By Christine Harrington
This blog post is one of a series that features insights from certified Peak Performance Mindset trainers and experts. – Sales 3.0 Conference Editors
Do you have the habit of leading with product benefits? Too often, well-meaning salespeople “product dump” during the sales conversation, thinking the product is strong enough to sell itself. Big mistake. Even if it is, that’s not the most effective way to sell.
What is “product dumping”?
During the sales presentation, you explain the product benefits…all of them! In this sales model, the prospect is forced to sit and listen. You may ask a few questions to gain acceptance or understanding, but the questions don’t lead the prospect into the sales conversation. At some point, you notice the glazed-over look on the prospect’s face. You try to recover from losing him and the sale. Too late – you’re just another typical sales rep.
Instead, lead with a question that refers to a benefit. For example, if you’re selling a group benefit insurance product, pose the questions that require the prospect’s answer to lead into an explanation of a product benefit: “Mr. Prospect, how successful is your current reference base pricing model?” (where reference base pricing is part of your benefits package).
The answer to this question will tell you if the prospect even knows about reference base pricing, if the prospect is successful using it, or may have heard of it is and not using it. Any of these answers can lead the discussion into the benefit of a reference base pricing model. Instead of product dumping, you’re leading the prospect into a conversation around a benefit you offer. Instead of you talking about a benefit – forcing the prospect to sit and listen – you are asking a question around a benefit your product offers and turning your presentation into prospect engagement.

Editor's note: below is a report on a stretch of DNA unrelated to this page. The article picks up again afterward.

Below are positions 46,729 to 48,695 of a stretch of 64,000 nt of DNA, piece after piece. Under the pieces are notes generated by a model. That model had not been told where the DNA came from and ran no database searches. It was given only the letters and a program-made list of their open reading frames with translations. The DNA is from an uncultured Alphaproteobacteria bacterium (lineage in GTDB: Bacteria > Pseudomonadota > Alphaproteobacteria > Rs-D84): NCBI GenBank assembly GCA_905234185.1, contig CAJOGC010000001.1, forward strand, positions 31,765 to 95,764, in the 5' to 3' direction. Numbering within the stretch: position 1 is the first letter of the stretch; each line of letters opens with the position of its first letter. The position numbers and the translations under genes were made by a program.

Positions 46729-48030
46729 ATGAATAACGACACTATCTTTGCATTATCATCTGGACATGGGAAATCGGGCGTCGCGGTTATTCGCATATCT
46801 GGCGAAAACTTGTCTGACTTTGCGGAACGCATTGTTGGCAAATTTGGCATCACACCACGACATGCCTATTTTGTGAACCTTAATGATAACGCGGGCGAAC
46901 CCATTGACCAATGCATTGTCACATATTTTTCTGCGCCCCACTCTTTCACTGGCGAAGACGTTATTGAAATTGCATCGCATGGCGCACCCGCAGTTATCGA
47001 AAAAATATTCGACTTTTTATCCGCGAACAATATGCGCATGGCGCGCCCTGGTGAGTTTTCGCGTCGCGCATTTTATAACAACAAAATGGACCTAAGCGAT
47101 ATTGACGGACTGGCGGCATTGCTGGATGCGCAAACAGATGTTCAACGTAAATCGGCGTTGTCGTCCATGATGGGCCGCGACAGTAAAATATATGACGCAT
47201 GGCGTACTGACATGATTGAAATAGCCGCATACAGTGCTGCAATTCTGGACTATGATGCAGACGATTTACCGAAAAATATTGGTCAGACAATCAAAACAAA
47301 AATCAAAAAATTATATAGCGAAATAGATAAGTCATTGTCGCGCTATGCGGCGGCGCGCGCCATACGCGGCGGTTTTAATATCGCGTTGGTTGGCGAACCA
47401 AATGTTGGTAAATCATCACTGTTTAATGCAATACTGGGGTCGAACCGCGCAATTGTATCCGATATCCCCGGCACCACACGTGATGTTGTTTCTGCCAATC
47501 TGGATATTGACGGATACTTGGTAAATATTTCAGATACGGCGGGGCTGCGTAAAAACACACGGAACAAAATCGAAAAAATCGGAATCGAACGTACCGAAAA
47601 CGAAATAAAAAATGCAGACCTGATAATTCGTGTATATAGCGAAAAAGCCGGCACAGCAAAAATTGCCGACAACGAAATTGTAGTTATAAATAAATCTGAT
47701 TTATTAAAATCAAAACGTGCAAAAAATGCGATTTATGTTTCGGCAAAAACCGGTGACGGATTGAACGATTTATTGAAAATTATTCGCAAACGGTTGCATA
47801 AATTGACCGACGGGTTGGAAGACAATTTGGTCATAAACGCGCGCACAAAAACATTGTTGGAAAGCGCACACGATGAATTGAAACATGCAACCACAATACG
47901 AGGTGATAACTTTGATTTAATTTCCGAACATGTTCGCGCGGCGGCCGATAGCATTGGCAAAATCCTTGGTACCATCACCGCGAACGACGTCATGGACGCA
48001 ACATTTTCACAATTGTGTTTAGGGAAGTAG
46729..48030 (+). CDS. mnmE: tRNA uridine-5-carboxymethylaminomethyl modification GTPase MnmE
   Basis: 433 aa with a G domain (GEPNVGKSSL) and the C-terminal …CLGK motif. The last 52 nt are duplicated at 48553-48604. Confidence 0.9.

See the difference?
Before you meet with the prospect, try these tips to reframe the sales conversations into benefit-leading discussions.
- Do your homework on the prospect. Ask questions on answers you already have discovered about the prospect. For example, you may already know from your research that the prospect just changed his current group benefit plan. Ask the question, “You’re using an out-of-state TPA. Did that come about as a result of a direct contact or through a broker?” You know the answer he will give – letting you then ask the prospect questions and discuss the benefit you offer: that you’re a local broker and how it will help the prospect.
- Be prepared with a list of questions for a lead-in discussion for each product benefit.
- Save your silver-bullet benefit for the last if you need to use it to close the sale.
Too often, salespeople product-dump all their benefits and have nothing left to clinch the sale.
- Use a script to keep yourself on track so you’re not rambling.
You see, every question you pose during the sales meeting will lead to a discussion around a benefit. In this way, the prospect is engaged in the discussion and becomes actively involved in solving his issues – using your products. It becomes participation in the sales process instead of being talked at through a presentation.
Christine Harrington is The Savvy Sales Lady. She is a facilitator for Peak Performance Mindset workshops and a personal sales coach who helps sales professionals develop and improve their sales performance.